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Inferior Epigastric Artery
Cardiovascular System

Inferior Epigastric Artery

Arteria epigastrica inferior

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Quick Facts

Origin: External iliac artery.

Course: Superiorly within the rectus sheath.

Branches: Pubic branch, accessory obturator artery, artery of round ligament of the uterus (females) or cremasteric artery (males).

Supplied Structures: Anterolateral abdominal wall and external genitalia.

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Origin

The inferior epigastric artery originates from the external iliac artery close to the inguinal ligament.

Course

The inferior epigastric artery ascends in a superomedial direction anterior to the inguinal ligament within the extraperitoneal fat. The artery crosses the medial aspect of the deep inguinal ring. It traverses the transversalis fascia and travels superiorly within the rectus sheath.

During its ascent from the medial aspect of the deep inguinal ring within the rectus sheath, it provides prominence to the lateral umbilical fold and forms the lateral margin of the inguinal (or Hesselbach’s) triangle. At approximately the level of the umbilicus, it anastomoses with the superior and superficial epigastric arteries.

Branches

The inferior epigastric artery gives rise to a pubic branch and the accessory obturator artery, and several unnamed muscular and cutaneous branches. Additionally, in females, the artery of the round ligament of the uterus arises from the inferior epigastric artery. The male equivalent is the cremasteric artery.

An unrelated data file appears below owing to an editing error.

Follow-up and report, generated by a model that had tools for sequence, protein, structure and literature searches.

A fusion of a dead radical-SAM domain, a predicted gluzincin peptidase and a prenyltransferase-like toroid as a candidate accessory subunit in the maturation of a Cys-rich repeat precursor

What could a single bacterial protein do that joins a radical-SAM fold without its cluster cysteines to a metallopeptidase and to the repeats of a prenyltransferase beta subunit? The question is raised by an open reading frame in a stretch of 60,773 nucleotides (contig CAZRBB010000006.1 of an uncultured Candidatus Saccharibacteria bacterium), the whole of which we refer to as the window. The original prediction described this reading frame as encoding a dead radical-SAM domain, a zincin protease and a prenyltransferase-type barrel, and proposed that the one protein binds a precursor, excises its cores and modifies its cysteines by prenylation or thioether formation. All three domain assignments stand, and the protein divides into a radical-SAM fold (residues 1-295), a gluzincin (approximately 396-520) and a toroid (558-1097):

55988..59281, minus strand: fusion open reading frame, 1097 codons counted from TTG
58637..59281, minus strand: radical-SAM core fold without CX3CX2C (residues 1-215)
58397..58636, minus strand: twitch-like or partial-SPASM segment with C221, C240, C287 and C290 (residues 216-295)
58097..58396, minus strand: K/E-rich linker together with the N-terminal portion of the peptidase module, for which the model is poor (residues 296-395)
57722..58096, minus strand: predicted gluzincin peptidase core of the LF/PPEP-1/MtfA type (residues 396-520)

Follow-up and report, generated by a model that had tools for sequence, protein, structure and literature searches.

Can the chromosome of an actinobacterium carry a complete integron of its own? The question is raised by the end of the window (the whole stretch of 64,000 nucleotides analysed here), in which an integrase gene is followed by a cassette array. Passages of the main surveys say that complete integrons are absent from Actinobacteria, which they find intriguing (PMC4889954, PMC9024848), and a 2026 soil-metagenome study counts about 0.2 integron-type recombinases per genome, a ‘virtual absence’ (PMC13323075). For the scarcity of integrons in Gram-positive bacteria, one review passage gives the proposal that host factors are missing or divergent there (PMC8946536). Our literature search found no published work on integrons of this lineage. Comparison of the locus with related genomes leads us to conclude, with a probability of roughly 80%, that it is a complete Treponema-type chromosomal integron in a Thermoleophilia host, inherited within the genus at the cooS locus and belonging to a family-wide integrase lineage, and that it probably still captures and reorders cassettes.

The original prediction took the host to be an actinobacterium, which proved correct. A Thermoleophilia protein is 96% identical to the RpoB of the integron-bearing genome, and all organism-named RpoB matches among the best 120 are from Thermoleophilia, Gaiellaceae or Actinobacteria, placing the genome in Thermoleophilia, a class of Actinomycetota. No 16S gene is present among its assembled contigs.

Supplied Structures

The muscular and cutaneous branches arising from the inferior epigastric artery supply the muscles, peritoneum, aponeurosis, and skin of the anterolateral abdominal wall.

The pubic branch supplies the pubic bones and the pubic symphysis. Sometimes, an accessory obturator artery arises from the inferior epigastric artery and provides additional supply to the area supplied by the obturator artery (Dorland, 2011).

The artery to the round ligament of the uterus supplies the area around the round ligament, while the cremasteric artery supplies the cremaster muscle.

List of Clinical Correlates

- Caput medusae

References

Dorland, W. (2011) Dorland's Illustrated Medical Dictionary. 32nd edn. Philadelphia, USA: Elsevier Saunders.

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